March 17, 2009

Connectivity, Trial Practices and Information [2:08 pm]

And I thought it was hard trying to make students understand that Wikipedia is not a reliable source: Mistrial by iPhone - Juries’ Web Research Upends Trials (pdf)

Last week, a juror in a big federal drug trial in Florida admitted to the judge that he had been doing research on the case on the Internet, directly violating the judge’s instructions and centuries of legal rules. But when the judge questioned the rest of the jury, he got an even bigger shock.

Eight other jurors had been doing the same thing. The federal judge, William J. Zloch, had no choice but to declare a mistrial, wasting eight weeks of work by federal prosecutors and defense lawyers.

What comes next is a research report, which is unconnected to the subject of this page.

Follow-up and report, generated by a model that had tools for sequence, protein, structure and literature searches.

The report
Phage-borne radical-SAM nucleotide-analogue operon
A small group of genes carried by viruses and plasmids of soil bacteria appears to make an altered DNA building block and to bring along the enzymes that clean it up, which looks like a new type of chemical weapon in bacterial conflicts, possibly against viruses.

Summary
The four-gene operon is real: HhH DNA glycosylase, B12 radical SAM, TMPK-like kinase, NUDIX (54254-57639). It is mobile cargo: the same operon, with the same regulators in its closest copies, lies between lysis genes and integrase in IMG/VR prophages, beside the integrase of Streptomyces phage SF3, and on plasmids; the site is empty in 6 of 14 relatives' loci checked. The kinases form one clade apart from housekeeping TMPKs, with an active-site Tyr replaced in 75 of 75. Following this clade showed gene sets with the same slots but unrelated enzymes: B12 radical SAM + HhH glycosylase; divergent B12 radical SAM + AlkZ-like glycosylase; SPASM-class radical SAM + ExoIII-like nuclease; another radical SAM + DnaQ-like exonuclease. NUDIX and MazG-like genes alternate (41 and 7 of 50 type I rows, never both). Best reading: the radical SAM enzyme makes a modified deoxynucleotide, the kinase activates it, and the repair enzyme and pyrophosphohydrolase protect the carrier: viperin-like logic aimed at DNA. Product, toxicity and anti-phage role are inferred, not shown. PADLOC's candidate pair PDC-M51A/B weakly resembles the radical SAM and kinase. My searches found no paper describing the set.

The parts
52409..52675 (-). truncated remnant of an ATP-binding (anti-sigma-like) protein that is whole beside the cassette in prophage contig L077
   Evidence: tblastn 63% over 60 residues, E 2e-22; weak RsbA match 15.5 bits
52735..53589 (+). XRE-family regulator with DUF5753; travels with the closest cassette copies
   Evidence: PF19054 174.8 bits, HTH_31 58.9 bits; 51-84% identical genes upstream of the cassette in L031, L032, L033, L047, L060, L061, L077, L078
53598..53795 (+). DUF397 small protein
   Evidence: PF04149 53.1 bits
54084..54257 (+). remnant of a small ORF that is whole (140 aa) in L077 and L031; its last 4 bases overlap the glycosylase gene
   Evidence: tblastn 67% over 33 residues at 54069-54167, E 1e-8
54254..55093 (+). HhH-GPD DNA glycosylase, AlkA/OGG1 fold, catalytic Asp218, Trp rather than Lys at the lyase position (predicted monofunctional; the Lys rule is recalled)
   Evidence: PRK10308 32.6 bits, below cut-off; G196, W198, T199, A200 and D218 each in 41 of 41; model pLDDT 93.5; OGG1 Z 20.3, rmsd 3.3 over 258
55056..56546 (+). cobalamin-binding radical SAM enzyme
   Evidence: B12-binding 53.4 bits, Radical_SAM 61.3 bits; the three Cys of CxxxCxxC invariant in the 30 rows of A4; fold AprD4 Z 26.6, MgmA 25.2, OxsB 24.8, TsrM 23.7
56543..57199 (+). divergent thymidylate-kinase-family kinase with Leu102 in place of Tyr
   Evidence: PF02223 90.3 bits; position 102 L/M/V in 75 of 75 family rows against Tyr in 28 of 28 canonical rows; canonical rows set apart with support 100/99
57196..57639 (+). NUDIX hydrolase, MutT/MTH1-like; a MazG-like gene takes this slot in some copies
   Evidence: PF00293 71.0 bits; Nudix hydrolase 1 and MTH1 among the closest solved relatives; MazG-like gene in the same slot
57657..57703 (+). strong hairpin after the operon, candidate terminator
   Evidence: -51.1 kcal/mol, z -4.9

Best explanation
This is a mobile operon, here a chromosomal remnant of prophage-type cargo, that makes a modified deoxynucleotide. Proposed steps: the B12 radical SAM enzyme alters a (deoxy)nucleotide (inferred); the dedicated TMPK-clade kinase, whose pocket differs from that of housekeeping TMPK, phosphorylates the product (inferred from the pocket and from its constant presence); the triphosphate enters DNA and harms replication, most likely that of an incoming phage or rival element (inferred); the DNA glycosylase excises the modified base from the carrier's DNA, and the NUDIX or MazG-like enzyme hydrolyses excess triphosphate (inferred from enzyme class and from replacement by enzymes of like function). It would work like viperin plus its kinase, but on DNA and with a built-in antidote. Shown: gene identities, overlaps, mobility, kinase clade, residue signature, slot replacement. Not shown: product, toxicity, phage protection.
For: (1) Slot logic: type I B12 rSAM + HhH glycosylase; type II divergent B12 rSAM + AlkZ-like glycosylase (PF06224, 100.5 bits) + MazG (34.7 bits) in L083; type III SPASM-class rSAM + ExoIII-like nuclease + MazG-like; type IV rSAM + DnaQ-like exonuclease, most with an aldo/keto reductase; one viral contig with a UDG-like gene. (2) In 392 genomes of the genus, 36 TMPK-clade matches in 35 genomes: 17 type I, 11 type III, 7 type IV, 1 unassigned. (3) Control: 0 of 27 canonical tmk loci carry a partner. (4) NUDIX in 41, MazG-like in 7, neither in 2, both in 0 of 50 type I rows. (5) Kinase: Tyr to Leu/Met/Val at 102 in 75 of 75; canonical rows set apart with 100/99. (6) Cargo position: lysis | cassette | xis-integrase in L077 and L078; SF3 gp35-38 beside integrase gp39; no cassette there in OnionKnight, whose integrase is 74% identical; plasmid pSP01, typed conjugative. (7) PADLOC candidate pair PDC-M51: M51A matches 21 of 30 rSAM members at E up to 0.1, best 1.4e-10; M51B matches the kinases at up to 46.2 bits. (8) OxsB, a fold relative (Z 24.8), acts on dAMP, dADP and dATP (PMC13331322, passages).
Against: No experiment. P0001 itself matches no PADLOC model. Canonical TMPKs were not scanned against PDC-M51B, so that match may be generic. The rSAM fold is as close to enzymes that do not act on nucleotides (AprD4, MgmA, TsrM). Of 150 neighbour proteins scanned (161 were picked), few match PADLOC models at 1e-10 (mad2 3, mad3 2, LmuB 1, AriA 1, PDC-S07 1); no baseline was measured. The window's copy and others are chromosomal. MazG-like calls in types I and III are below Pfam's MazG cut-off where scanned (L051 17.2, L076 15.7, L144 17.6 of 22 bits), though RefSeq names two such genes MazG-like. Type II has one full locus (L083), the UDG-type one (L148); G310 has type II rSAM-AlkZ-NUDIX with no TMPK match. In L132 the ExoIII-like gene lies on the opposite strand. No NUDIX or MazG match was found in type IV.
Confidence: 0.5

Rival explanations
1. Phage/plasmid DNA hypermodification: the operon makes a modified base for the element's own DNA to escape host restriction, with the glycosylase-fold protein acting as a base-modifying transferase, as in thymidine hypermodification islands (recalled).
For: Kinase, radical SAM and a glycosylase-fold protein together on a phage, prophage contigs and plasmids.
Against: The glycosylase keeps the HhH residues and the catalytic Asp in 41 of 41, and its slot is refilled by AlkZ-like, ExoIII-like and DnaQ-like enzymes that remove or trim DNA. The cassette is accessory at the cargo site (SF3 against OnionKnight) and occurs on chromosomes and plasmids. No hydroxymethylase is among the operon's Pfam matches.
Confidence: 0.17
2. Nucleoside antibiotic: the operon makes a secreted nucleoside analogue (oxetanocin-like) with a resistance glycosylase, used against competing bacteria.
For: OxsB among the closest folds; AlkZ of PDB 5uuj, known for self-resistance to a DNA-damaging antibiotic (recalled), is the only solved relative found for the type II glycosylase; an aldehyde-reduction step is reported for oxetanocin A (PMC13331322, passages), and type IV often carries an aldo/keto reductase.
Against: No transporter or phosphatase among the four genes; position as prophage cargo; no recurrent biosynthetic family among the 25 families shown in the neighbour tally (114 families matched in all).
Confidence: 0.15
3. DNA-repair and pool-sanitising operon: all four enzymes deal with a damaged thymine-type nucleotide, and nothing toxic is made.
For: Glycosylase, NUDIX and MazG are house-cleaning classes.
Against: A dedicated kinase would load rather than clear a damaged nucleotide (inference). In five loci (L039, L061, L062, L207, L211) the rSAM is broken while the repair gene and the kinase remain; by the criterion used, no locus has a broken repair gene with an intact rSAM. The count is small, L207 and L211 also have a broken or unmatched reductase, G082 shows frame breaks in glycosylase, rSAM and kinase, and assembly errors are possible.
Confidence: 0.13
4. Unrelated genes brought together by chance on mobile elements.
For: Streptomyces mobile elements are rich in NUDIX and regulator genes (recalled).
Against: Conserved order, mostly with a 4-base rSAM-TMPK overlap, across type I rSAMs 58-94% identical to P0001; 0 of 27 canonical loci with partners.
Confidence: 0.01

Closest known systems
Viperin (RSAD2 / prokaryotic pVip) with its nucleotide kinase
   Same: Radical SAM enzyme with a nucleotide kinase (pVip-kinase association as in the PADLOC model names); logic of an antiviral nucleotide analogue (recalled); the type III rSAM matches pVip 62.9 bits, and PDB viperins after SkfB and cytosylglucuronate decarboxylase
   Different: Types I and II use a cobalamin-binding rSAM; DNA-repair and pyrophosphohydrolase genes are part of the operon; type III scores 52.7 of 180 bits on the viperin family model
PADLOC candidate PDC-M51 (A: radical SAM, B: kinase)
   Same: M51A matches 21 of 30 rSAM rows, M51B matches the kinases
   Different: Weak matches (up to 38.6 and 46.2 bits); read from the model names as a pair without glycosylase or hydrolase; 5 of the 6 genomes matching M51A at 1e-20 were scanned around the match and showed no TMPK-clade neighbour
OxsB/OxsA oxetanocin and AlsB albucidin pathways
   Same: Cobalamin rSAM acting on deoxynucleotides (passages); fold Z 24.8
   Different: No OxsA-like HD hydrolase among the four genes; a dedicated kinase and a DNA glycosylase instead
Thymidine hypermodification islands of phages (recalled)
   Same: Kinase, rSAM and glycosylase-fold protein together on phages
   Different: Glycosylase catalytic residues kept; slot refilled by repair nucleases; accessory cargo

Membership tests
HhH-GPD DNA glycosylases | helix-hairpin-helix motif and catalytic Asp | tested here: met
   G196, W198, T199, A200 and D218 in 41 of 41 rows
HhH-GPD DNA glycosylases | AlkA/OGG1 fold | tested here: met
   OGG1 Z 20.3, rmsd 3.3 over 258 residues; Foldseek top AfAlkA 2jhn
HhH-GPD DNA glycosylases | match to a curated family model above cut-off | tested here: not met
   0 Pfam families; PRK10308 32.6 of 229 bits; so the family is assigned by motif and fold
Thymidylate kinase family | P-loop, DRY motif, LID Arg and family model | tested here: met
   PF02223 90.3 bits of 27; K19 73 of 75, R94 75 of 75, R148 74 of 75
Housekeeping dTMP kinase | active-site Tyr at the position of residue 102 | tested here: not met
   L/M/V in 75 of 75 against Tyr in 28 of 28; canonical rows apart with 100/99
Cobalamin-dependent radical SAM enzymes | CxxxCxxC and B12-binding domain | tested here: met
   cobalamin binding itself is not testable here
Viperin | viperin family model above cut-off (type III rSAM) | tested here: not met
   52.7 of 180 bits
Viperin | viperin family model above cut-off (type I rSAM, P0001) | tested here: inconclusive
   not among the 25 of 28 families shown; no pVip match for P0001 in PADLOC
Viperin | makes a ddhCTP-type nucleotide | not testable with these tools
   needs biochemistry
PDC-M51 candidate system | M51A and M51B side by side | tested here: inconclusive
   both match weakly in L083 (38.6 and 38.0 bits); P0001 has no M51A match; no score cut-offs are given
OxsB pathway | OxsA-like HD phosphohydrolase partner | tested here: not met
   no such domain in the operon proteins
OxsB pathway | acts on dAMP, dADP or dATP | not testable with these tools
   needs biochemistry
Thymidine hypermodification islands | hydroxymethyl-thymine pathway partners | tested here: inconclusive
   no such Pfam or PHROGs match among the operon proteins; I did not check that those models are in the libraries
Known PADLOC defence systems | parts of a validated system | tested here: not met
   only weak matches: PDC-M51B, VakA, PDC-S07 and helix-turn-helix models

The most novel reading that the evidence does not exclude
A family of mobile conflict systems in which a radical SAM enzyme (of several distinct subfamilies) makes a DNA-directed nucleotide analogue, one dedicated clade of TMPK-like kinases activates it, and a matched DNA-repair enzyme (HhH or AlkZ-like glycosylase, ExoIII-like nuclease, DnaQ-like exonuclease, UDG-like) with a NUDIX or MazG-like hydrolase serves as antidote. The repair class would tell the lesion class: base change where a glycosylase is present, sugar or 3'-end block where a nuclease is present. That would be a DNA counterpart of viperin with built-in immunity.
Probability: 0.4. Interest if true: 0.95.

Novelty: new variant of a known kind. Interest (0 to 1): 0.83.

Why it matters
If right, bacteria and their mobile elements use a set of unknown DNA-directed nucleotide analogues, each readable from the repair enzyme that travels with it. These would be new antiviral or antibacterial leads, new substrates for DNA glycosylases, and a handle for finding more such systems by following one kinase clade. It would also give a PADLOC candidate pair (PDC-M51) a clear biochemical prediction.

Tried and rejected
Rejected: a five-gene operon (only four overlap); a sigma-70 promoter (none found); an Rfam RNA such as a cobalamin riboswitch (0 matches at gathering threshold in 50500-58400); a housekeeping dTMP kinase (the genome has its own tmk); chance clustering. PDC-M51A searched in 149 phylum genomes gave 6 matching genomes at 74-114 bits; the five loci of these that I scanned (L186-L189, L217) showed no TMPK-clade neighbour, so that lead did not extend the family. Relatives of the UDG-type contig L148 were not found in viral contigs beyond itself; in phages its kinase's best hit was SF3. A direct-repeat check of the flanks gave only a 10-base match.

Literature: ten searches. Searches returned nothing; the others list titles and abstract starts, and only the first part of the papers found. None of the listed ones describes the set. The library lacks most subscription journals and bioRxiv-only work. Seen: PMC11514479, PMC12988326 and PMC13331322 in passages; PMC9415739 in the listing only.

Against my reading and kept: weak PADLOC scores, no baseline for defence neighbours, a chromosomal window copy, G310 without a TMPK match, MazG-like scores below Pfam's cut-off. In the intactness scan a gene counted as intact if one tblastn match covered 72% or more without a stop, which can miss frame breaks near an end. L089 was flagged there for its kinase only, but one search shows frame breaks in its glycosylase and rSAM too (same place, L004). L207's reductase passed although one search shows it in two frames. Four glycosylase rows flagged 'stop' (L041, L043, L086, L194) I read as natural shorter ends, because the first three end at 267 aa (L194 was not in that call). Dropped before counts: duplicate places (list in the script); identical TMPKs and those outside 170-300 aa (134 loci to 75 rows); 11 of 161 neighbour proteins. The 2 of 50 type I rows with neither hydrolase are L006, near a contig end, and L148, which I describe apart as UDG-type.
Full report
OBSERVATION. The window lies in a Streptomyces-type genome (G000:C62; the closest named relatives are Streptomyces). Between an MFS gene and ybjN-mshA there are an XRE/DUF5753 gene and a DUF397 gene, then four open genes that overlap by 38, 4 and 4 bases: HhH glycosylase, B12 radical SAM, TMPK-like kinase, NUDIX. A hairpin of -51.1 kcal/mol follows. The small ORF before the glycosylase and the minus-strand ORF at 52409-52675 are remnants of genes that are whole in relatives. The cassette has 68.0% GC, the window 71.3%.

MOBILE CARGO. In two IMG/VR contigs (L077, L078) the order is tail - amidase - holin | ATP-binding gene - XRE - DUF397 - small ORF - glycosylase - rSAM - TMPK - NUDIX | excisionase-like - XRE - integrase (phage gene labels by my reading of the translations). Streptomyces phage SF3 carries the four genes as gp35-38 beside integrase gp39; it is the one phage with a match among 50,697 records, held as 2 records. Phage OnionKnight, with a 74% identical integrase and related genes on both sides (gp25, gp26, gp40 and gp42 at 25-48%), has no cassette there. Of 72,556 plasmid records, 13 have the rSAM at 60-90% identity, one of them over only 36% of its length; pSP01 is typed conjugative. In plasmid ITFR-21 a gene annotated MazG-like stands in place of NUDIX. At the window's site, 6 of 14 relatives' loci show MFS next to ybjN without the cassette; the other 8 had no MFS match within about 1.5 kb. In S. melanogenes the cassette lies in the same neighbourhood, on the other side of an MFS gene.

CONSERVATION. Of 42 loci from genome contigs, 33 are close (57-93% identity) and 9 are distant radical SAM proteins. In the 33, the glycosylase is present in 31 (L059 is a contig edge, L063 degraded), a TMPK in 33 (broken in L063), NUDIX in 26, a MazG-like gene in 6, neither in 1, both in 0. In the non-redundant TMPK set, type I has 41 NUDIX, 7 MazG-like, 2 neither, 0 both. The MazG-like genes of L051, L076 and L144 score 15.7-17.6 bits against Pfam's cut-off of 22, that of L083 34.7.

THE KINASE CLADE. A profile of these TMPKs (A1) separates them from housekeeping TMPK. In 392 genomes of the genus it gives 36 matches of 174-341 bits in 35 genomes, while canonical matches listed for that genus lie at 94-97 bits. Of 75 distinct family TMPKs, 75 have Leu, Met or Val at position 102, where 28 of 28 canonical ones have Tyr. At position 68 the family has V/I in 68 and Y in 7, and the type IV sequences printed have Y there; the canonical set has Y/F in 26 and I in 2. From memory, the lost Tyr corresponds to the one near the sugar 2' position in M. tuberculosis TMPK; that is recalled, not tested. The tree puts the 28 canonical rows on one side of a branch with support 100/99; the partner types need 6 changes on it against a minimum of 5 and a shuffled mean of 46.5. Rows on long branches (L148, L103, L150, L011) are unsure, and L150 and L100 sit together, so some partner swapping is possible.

“We were stunned,” said the defense lawyer, Peter Raben, who was told by the jury that he was on the verge of winning the case. “It’s the first time modern technology struck us in that fashion, and it hit us right over the head.”

It might be called a Google mistrial. The use of BlackBerrys and iPhones by jurors gathering and sending out information about cases is wreaking havoc on trials around the country, upending deliberations and infuriating judges.

Later: Letters to the editor (pdf)

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